I was honoured to be part of a panel discussion on the newly passed Barbados Data Protection Act at the inaugural Smart Barbados Week 2019.

The Smart Barbados Week was a 4-day symposium hosted by Barbados’ Ministry of Innovation, Science and Smart Technology (MIST). Its purpose was to engage the Barbadian public with the knowledge needed to support the country’s transition to ‘smart’ status.

My panel was a useful moment to discuss aspects of the new legislation. It also created an opportunity to make the connection between enabling legislation, like privacy laws, and achieving larger technology-focused developmental outcomes like smart societies.


Success! You're on the list.

Number portability is now a reality in the Eastern Caribbean

In June, the Eastern Caribbean States witnessed a quiet revolution: the introduction of mobile number portability (“MNP”).

Number portability refers to the ability of a telephone network subscriber to retain use of their telephone number after switching networks. MNP is the cellular telephone-specific implementation of this concept.

MNP is revolutionary to the degree that it potentially opens up a significant degree of consumer choice for mobile subscribers in the EC. The availability of MNP means that a consumer who has maintained a long, valuable association with a particular telephone number, no longer has to be tethered to their mobile service provider in the face of either poor service from that provider or, a better deal from a competitor. The implementation of strategies like MNP by regulators ensure greater choice and, by extension, more competition among mobile service providers for a much more liberated customer-base.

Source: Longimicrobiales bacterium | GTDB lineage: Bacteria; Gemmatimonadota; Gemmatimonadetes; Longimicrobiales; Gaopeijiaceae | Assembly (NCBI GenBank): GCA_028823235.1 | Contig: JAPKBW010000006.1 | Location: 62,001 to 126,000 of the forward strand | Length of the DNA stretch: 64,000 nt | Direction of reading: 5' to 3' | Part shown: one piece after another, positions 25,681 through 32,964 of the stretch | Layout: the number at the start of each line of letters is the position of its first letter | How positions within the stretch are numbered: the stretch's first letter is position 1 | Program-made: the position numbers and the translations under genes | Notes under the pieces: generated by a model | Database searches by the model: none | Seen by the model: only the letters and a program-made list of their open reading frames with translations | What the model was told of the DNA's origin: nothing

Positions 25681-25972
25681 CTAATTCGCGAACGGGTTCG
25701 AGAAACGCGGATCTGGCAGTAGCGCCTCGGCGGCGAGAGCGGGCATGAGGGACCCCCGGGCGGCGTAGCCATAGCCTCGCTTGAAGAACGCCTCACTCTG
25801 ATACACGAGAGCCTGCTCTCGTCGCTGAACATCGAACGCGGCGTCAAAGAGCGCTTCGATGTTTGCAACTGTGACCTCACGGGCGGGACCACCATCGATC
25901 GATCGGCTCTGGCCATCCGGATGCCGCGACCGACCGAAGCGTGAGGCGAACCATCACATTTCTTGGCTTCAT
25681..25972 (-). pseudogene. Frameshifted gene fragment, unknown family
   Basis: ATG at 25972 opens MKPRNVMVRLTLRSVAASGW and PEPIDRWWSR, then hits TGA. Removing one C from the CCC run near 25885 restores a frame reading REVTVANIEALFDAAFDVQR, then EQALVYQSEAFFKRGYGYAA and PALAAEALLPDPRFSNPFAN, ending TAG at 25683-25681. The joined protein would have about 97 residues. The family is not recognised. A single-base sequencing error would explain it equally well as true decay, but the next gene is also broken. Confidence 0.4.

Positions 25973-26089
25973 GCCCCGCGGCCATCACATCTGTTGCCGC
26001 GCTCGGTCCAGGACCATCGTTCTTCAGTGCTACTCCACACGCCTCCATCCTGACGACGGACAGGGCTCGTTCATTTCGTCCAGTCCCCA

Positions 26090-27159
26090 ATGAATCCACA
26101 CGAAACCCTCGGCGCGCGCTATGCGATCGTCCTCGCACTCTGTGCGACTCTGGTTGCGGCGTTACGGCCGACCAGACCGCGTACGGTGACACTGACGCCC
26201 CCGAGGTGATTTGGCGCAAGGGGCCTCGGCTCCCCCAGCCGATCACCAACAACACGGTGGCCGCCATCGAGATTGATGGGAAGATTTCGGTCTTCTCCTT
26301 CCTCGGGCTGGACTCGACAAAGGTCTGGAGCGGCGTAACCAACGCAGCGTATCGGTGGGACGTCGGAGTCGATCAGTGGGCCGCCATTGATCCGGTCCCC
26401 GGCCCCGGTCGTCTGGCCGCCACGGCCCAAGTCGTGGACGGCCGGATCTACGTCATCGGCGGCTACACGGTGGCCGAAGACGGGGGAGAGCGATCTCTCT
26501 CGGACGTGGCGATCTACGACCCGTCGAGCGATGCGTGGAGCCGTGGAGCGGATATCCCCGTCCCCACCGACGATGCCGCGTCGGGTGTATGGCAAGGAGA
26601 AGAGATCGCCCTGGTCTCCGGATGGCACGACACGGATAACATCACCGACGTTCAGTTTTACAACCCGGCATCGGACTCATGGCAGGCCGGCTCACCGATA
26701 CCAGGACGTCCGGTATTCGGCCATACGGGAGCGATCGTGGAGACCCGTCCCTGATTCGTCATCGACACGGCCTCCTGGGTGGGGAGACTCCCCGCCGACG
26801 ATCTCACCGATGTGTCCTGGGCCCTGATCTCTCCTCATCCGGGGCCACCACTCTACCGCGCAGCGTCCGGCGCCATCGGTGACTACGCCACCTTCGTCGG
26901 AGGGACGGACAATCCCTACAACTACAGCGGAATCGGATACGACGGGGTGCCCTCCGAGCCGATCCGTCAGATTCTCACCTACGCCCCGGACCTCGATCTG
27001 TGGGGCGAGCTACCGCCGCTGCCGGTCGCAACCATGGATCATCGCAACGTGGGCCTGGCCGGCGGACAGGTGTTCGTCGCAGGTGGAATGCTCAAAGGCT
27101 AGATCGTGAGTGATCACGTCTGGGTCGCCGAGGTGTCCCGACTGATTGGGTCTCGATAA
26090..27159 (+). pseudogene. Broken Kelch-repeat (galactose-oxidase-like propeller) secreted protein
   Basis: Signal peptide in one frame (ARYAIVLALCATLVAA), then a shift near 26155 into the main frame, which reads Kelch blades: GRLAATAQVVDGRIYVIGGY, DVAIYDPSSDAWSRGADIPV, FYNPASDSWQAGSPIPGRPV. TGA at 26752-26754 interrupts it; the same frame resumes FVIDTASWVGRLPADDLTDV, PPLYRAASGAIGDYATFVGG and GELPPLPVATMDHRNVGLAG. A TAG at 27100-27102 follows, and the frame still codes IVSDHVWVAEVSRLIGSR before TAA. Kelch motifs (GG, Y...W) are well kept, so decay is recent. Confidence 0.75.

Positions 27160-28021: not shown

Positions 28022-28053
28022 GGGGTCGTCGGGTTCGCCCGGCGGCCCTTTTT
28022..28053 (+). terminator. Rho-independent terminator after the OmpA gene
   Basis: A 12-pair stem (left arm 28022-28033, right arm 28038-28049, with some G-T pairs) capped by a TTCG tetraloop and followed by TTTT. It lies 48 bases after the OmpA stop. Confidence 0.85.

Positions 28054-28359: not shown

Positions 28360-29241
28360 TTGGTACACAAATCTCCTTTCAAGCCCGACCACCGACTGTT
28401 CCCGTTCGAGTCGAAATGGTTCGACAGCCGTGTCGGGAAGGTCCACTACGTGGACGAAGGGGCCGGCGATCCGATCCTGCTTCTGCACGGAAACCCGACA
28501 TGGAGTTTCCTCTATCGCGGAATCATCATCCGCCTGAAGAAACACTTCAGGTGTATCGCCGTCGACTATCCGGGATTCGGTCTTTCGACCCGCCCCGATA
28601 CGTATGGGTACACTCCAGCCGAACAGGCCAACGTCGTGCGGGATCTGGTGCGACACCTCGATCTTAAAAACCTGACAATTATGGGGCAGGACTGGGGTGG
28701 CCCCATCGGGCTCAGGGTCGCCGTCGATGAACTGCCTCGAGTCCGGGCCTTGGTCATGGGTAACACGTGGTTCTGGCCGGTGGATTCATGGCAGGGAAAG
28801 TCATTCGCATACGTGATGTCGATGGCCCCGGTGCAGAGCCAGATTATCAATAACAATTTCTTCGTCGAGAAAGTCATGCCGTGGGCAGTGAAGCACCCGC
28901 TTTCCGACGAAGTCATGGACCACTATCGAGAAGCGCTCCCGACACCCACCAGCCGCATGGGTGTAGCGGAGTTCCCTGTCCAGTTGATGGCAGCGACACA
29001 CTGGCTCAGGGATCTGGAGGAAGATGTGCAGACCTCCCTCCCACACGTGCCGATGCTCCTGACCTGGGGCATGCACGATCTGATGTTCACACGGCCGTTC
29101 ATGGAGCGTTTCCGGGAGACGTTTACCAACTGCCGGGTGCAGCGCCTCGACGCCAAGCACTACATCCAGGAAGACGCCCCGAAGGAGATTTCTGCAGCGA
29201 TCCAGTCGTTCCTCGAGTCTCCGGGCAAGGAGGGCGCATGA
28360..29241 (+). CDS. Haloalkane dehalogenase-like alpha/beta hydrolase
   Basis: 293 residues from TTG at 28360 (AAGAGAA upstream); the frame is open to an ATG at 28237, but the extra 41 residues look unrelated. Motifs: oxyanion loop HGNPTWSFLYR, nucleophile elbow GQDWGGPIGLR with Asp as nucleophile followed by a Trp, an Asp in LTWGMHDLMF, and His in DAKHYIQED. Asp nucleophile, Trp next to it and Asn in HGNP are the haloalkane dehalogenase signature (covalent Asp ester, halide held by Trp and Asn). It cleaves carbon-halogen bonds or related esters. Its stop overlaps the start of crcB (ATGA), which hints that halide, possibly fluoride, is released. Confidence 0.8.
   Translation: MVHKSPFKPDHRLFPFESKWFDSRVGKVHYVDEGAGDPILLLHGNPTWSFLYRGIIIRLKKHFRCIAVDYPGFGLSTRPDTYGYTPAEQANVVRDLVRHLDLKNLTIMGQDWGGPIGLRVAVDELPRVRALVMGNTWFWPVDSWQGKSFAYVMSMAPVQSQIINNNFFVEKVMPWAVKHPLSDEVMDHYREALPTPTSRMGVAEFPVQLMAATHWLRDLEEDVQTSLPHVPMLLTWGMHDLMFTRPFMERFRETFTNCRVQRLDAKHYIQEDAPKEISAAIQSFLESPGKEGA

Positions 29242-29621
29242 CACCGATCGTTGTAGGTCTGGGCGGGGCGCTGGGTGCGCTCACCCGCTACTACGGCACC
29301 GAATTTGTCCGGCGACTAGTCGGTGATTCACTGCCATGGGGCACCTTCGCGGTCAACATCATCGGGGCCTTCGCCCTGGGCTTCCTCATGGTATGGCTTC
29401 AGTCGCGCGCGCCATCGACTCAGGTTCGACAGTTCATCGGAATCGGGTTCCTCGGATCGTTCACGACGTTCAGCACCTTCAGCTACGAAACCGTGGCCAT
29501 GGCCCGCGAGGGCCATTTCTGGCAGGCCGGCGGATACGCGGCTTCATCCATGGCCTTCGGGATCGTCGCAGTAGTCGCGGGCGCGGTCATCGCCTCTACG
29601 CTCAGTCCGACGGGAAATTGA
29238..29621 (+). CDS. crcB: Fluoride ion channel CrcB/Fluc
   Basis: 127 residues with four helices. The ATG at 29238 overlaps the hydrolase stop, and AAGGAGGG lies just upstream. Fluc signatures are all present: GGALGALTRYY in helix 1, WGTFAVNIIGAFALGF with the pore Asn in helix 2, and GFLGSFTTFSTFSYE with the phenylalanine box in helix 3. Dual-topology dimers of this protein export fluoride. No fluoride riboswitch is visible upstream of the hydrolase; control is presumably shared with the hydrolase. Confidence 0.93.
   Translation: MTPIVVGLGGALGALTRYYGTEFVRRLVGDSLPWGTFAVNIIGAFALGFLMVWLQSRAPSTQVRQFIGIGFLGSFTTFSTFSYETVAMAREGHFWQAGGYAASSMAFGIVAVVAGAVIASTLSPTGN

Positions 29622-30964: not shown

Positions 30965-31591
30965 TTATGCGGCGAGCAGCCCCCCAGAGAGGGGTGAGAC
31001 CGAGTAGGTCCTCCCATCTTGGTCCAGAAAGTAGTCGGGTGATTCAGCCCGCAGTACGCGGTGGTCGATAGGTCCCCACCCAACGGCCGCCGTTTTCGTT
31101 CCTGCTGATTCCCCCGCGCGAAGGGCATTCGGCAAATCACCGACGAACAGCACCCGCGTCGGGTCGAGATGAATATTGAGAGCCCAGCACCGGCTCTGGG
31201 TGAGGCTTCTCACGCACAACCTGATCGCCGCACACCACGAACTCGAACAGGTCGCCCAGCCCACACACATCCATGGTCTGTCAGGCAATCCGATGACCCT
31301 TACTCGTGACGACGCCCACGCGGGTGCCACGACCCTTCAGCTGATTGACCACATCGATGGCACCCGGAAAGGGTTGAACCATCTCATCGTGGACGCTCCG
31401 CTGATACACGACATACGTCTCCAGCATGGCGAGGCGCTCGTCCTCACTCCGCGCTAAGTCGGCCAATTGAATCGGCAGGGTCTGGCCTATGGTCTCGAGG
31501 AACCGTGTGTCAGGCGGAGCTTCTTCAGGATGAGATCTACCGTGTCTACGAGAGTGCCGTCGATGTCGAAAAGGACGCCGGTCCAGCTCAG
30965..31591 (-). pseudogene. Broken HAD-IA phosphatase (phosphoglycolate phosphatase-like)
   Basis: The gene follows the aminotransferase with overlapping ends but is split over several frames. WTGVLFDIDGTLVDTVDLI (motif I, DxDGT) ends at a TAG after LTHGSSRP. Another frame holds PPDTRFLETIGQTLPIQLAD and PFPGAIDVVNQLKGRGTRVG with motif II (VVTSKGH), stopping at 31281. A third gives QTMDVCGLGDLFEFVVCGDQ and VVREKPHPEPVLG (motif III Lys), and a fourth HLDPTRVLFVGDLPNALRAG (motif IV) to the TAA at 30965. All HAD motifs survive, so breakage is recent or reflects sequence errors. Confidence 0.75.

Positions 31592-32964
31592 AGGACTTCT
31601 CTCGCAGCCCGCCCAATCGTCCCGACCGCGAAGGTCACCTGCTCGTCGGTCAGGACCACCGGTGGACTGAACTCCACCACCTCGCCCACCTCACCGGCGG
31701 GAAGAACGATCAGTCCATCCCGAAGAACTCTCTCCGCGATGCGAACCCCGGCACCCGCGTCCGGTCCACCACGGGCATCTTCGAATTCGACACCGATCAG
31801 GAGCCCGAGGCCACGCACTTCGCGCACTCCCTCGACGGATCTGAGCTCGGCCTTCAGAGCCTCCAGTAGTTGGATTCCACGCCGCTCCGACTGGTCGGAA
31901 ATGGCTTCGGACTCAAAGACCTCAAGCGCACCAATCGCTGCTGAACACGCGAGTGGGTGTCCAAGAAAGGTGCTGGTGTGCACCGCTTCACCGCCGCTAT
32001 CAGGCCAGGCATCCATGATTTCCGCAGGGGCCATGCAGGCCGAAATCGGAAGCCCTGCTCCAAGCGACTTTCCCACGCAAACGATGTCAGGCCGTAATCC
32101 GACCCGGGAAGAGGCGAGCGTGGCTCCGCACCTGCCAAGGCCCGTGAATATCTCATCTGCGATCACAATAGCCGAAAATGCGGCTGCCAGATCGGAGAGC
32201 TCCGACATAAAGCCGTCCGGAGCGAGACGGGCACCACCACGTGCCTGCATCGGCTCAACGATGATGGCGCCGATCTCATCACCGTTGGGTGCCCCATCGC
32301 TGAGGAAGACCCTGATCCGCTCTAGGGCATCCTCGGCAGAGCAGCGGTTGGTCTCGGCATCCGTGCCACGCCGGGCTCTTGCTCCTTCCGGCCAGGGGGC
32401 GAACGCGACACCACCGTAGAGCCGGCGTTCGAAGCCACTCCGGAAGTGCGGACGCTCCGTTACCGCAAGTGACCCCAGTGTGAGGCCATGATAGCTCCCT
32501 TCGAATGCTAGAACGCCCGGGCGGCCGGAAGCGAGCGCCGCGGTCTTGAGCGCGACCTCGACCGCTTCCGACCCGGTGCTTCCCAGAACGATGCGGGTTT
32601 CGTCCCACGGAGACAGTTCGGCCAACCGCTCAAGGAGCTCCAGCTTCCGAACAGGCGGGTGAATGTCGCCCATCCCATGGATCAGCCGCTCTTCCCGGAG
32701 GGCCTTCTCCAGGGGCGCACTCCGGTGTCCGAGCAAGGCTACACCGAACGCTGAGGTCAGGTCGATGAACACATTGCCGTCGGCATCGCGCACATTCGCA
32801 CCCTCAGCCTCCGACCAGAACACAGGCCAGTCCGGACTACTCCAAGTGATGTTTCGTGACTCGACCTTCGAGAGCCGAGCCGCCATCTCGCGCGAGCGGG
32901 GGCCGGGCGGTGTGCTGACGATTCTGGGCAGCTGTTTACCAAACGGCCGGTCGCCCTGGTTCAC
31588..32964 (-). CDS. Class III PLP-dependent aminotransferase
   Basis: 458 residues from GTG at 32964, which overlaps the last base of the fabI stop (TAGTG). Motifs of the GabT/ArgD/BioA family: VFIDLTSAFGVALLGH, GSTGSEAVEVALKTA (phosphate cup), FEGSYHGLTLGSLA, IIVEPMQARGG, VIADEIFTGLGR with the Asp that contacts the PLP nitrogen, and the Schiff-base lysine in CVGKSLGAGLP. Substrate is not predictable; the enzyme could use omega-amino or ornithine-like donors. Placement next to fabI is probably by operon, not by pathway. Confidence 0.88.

The EC’s implementation of MNP is not without precedent in the Caribbean. Similar developments took place in Cayman in 2012, Jamaica, in 2015 and Trinidad in 2016.


  • The implementation of MNP will be island-specific: a Lime mobile subscriber in Grenada will not be able to port his number to Digicel’s network in Saint Lucia, for example.
  • The implementation is mobile-specific and so land line subscribers cannot benefit. ECTEL has indicated that fixed-line telephone porting will be allowed in the future when there is competition for this service.


  • There will be no cost to the mobile subscribers for porting. It is, however, possible that subscribers will have to cover the cost of unlocking phones for use on another network.
  • Both post and pre-paid customers in the EC will have access to MNP. Post-paid customers will have to settle their bills as a pre-cursor to switching networks.
  • Mobile subscribers will be able to request a reversal of the number porting within 14 days of the switch. Once this 14-day window has expired, subscribers will not be able to request a further switch for another 46 days.